Nationwide News understands that the Kingston Public Hospital is currently not in possession of a working Computing Tomography or CT Scanner machine.

Its understood the machine at the KPH has been in disservice for several weeks.

A CT scan combines a series of X-ray images taken from different angles and uses computer processing to create cross-sectional images, or slices, of the bones, blood vessels and soft tissues inside your body.

As we hear in this report from Cecil Thoms, the unavailability of the machine is making life miserable for at least one patient.

Vincent Walker drives a JUTA tour bus for a living.

Two weeks ago the 58 year old St. Andrew resident suffered a massive stroke, which sent him to ward 1A at the KPH.

His brother-in-law, Peter Davis, says Walker has been left paralyzed on the right side of his body.

Mr. Davis, who visited our office today, says his brother-in-law is not receiving adequate care.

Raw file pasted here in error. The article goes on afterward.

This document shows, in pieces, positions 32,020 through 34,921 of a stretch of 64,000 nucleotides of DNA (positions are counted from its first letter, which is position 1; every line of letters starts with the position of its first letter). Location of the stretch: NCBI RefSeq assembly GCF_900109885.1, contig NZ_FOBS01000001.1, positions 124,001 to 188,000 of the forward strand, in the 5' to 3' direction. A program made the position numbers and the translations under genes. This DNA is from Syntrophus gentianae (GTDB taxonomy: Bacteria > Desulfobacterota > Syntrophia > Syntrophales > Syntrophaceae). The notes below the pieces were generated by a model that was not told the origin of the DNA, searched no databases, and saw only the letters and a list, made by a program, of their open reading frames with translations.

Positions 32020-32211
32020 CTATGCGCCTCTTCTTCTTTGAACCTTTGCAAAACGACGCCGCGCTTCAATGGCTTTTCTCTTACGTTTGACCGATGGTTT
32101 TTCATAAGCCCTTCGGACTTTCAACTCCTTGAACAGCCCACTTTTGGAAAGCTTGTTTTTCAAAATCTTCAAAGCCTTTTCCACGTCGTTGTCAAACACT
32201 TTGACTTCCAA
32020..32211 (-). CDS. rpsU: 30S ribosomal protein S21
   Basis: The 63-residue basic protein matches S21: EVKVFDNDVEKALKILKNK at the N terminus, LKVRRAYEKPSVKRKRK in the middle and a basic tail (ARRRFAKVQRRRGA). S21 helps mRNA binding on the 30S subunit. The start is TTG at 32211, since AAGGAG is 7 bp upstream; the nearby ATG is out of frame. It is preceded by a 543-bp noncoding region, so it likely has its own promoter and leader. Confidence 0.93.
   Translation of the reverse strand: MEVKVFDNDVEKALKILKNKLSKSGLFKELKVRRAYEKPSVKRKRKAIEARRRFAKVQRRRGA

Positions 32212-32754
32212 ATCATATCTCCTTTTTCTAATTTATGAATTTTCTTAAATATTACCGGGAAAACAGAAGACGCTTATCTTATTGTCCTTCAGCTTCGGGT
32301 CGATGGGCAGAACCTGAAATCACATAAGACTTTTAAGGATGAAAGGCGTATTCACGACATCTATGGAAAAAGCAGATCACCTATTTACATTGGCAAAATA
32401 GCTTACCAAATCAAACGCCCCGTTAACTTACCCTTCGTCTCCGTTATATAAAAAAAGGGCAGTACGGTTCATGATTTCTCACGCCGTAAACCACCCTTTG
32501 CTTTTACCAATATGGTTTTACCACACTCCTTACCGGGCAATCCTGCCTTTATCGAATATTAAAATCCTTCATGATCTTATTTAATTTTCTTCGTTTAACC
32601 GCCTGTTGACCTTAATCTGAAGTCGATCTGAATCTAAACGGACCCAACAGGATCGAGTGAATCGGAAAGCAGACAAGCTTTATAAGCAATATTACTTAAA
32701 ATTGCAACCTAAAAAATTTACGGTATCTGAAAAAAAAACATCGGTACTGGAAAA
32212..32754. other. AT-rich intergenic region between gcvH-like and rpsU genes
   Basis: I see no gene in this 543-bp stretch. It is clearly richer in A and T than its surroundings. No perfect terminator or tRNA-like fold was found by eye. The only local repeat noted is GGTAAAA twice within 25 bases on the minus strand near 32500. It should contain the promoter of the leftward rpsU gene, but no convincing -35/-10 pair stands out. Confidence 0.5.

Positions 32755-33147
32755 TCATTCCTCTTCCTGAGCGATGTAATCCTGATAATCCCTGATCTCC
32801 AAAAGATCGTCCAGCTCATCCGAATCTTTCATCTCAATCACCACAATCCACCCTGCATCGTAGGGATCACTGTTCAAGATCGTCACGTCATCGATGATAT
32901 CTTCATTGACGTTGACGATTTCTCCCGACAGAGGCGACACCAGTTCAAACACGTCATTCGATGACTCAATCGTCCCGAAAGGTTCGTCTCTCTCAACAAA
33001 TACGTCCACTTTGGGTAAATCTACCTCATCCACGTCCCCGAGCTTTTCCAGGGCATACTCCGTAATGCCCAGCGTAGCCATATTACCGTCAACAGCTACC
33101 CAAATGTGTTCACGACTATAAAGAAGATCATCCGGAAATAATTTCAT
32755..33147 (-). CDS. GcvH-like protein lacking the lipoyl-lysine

According to Mr. Davis, the CT scanner at KPH doesn’t work.

Mr. Davis says he has had to find the 15-thousand dollar fee for Walker to do the scan privately at the Winchester Surgical and Medical Institute in Half Way Tree, St. Andrew.

But he claims that a shortage of staff and only one functioning ambulance at KPH, has so far frustrated his efforts to have his brother-in-law transported to the private facility.

Mr. Davis says he may have to find another 30-thousand dollars to pay for a private ambulance to take his brother-in-law for the crucial scan.

He says KPH staff have informed him that he will be taking this route at his own risk.

When our news centre contacted the KPH today, we were told that no one in administration was able to take our call, as they were all in a meeting.

The Chairman of the South East Regional Health Authority, SERHA, which oversees the operations of the KPH, Dr. Andrei Cooke, declined to even take a question on the matter.